“Teacher, that’s what we’ve been told at home. ‘Don’t mix with the children who live in those streets. Don’t accept anything to eat from them. Don’t even go anywhere near there.’ That’s what we’ve been told.”

“But that’s wrong, isn’t it?” asked the teacher.

Vijayalakshmi did not reply, nor did Mary teacher press her any further. The other children were rushing into the school, hungry and tired from the midday heat. The teacher also went in, dizzy with fatigue.

Mary teacher continued to feel troubled about the things she had heard on the way back.

There is no such thing as caste. It is a sin to talk of high-born and low-born people. We’ve been teaching these things here for years, and it’s all been a waste of time. I taught this same Vijayalakshmi last year in class four. In the Tamil lesson there was that Bharathiyar song…that drum song. I remember how I explained over and over again that all human beings are equal. I talked myself hoarse about it—all a waste. It’s not what is taught in school but what is taught at home that seems to stick. When the Headmaster returns, I must ask him to call the child and question her.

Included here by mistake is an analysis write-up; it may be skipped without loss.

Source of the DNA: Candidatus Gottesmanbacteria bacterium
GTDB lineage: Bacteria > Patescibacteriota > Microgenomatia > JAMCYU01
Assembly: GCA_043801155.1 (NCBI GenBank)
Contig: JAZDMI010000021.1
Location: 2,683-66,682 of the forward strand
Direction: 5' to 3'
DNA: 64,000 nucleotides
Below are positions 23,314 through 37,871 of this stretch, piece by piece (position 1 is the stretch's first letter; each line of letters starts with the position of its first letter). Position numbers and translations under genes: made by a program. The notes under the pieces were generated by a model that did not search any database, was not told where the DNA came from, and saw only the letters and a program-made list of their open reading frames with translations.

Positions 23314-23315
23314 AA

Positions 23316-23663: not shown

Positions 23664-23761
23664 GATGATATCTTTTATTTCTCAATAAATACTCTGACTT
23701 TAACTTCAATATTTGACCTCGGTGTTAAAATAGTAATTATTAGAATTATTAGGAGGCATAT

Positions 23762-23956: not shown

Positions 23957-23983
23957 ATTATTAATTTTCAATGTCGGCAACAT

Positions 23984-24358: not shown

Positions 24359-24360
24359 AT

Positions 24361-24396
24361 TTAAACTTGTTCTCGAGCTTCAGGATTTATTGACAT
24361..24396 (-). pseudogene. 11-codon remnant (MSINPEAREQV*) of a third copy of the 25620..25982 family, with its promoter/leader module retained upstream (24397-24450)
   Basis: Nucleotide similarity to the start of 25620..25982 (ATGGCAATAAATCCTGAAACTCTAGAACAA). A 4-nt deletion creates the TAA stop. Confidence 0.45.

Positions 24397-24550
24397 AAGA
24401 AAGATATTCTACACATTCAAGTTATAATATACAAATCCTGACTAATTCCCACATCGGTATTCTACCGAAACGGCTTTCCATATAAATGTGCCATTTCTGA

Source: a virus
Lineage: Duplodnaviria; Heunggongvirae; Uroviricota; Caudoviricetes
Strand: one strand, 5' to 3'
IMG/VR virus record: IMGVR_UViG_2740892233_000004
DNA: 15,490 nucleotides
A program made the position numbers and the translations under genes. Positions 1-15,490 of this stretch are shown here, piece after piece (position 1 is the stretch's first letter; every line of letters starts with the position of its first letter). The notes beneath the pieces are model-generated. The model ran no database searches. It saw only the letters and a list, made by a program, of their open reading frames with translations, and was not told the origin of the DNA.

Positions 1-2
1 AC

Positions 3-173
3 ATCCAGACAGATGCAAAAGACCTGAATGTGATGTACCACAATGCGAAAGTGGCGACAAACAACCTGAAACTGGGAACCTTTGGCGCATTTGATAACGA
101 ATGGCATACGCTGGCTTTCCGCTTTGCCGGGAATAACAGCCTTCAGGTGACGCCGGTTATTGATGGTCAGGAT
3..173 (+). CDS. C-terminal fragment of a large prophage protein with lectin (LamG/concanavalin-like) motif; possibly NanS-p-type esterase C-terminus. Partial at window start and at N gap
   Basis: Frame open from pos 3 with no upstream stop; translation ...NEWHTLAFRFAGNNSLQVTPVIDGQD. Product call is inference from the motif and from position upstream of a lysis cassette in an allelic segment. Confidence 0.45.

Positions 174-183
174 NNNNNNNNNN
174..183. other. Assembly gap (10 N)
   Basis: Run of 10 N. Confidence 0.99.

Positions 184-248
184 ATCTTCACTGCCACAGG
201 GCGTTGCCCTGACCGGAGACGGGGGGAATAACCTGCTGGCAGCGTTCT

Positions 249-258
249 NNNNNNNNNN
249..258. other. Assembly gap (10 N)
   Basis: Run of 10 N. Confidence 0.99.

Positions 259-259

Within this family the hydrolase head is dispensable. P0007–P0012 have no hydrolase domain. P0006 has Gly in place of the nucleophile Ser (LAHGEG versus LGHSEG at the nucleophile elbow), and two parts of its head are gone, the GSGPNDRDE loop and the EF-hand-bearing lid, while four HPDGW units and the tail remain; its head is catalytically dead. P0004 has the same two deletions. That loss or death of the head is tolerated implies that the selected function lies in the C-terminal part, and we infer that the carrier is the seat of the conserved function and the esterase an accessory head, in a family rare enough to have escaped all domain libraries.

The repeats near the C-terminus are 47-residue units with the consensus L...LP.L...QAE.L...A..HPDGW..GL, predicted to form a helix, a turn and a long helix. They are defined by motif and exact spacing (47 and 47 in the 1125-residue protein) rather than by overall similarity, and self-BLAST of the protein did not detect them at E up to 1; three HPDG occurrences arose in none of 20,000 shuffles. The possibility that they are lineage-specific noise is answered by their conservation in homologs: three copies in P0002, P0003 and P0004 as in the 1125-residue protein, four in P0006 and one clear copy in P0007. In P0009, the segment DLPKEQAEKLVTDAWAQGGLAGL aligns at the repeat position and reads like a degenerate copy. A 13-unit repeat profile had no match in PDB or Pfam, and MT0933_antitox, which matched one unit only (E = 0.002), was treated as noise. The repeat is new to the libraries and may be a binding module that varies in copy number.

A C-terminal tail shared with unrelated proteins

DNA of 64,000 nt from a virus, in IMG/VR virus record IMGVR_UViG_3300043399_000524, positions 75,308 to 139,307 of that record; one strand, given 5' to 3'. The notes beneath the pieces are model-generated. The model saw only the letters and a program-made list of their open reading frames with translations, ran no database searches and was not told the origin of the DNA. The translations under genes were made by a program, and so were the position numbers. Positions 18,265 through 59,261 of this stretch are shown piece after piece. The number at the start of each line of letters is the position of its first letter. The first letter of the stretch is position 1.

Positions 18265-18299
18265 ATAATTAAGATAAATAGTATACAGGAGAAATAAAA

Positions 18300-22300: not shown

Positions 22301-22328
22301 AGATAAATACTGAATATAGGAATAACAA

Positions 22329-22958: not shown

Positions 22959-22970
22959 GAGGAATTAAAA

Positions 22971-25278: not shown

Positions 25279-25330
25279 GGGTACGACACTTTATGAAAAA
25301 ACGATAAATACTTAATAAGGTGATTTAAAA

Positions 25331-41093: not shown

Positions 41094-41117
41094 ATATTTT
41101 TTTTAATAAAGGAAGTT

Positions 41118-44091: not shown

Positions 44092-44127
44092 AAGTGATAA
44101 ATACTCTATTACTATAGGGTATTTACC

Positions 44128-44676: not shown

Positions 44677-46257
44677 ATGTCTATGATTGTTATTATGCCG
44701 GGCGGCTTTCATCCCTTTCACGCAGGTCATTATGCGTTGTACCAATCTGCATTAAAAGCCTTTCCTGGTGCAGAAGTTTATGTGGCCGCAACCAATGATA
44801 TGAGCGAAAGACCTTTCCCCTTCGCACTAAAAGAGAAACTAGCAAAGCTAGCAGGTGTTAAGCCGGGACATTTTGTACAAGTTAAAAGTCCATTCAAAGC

Having come to a decision, she gulped down her lunch and stood waiting for the Headmaster.

The Headmaster had gone home for lunch, and was back around two o’clock. The teacher broached the topic gently.

“Sir, on the way back the children had a hard time. So hot, and on top of that, the thirst…. Fortunately, when they got to Pallathur they drank water at the street tap, and after that they felt somewhat better, Sir. But even with that terrible thirst, some of the children refused to drink water from that tap, Sir.”

“Why? What happened?”

Mary Teacher gave him all the details of what had happened, and suggested that he should call Vijayalakshmi and talk to her.

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A child was sent to fetch both the sisters. When they came, the Headmaster spoke casually.

“What’s wrong with drinking the water from cheri taps? Only in cherihomes you shouldn’t drink water. You’ve been told by your parents that you mustn’t drink water even from cheri taps, is it? All right, no problem, go back to your classrooms.”

Having stressed only in cheri homes, Headmaster Varadarajulu walked off to his classroom.

Selected by Mini Krishnan

Reproduced courtesy of Oxford University Press

Illustrations by Siddharth Sengupta